As a child I remember spending what seemed like endless summer days climbing trees and wading through streams. As I got older my love for the woods grew, and after three years of living in the mountains and working with at-risk teens, I settled in Western Massachusetts where I began studying yoga and meditation at the Kripalu Center for Yoga & Health.
During one of my many wanderings in the woods here, I came to sit in meditation against the trunk of an oak tree. My mind became so quiet and my sense of gratitude and peace so deep that it took me a few moment to realize that a black bear had walked up and was standing no more than 2 feet behind me. During that moment I meditated with the bear, and although all the survival instincts rose up within me, I maintained my seat and waited until the bear walked off into the forest and slipped into the brush.
It was one of the most powerful experiences of my life and a memory I will always hold dear.
Now as the director of the Kripalu Schools, with a family and a hectic schedule, I spend a lot of time poring over spreadsheets, on email, and otherwise sitting in an office behind a desk, but every day I make sure to step outside and take a walk with the trees. It’s an incredibly simple practice that makes a huge difference in how I feel.
In recent years, Richard Louv coined the term Nature-Deficit Disorder to better define the negative effects of being cut off from nature. Louv wrote the groundbreaking book Last Child in the Woods, which, along with numerous other studies, details our decreasing connection with nature and time spent outdoors.
In fact, according to the Natural Wildlife Federation, the average American child spends only 30 minutes outside each day—compared with seven hours per day of screen time. Meanwhile, rates of childhood obesity, mood disorders, and ADHD have skyrocketed, and many health professionals believe there is a connection.
This brings us to the 1980s in Japan, when the Japanese Forest Service developed a program they called Shinrin-Yoku, which translates as forest bathing. The program was developed based on an intuitive understanding that being in a healthy forest, full of mature, beautiful trees, good circulation of air, and tranquil scenery has a healing effect on the mind and body.
Studies have since shown that forest bathing can lower blood pressure and heart rate, increase subjective feelings of well-being and relaxation, decrease anxiety and fatigue, and lower stress hormones such as cortisol and noradrenaline.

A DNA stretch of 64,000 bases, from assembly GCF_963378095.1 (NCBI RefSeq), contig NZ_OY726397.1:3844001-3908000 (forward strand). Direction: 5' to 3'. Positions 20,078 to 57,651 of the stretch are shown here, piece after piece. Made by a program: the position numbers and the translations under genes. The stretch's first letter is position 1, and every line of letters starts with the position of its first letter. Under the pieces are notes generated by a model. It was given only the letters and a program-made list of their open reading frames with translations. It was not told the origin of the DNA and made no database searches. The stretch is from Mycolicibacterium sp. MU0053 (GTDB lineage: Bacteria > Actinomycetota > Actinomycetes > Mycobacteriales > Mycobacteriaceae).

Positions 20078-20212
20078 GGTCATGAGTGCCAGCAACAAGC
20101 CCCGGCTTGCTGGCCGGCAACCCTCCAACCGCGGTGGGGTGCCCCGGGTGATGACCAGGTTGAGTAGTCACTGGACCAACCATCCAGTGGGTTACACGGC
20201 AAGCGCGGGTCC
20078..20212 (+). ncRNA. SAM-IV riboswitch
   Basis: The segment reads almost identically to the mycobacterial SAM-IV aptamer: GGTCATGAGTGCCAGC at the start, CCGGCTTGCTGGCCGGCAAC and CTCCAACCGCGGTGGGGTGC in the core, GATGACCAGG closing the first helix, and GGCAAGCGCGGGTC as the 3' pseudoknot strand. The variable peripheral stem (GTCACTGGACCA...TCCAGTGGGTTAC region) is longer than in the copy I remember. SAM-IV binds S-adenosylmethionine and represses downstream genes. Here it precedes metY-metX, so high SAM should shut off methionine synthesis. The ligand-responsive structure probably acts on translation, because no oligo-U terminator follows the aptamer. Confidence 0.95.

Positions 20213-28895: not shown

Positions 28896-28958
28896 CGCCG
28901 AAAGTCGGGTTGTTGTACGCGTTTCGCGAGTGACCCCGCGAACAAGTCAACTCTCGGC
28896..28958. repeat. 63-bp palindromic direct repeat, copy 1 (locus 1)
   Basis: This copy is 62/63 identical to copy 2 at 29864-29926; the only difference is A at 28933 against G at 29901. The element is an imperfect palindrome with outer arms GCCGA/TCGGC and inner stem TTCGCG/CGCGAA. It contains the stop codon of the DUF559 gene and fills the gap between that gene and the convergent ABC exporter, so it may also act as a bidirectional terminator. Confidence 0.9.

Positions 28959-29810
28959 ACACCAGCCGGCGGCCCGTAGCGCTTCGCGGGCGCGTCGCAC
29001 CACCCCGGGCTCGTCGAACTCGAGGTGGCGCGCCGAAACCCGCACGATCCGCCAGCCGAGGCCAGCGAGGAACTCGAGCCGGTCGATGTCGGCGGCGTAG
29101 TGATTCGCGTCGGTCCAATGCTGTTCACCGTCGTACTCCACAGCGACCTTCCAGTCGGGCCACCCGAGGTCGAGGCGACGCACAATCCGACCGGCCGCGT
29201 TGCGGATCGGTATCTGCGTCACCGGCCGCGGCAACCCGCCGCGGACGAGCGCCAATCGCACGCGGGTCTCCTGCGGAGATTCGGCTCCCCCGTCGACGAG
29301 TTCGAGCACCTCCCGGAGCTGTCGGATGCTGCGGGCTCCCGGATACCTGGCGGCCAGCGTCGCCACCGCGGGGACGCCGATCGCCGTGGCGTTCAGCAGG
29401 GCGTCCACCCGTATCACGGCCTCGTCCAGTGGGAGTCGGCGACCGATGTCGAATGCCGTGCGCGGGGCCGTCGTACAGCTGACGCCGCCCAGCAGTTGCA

Although it may sound intimidating—especially if you’re a city dweller—forest bathing can be easy for urbanites. All it takes is a 20- or 30-minute walk in a grassy park with trees. If you aren’t sure how to get started, I recommend trying one of the following:
1. Go for a picnic.
Now that I am a father, one of my favorite things to do is to take my children into the woods for a walk. We listen to the wind; we throw stones in the lake; we sit under the trees and have snacks. This is also a great way to get your children in the habit of spending time outdoors. But this is a fun way to spend some time outdoors whether you have kids or not.
2. Take a short digital detox.
Try to resist the temptation to “capture” the moment with an Instagram or Facebook post. See if you can enjoy a beautiful sunset or the silhouette of a majestic tree without having to put a piece of technology between you and the moment.
3. Try sound meditation.
When we are outside, even in a city park, there are amazing sounds to listen to: wind in the trees, birds singing, running water, etc. A wonderful practice is to close your eyes and focus your attention on the sounds you can hear. Even a one-minute sound meditation can help calm the mind and the body.
Forest bathing is an activity that requires less of us. It’s about nondoing and practicing the art of being—and it’s really much easier than you might think. We live in an age of chronic stress, poor diet, and lack of exercise, which are contributing to the rise of lifestyle diseases—heart disease, type 2 diabetes, hypertension, obesity, colon cancer—which will grab hold of us if we continue this pattern.
As you go about your busy life, I urge you to find your “moment with the bear,” whether it’s a 20-minute stroll in a city park or an hour-long meditation at the summit of a mountain—and use forest bathing as a way to find healing and to reverse the effects of modern lifestyles on our health and well-being.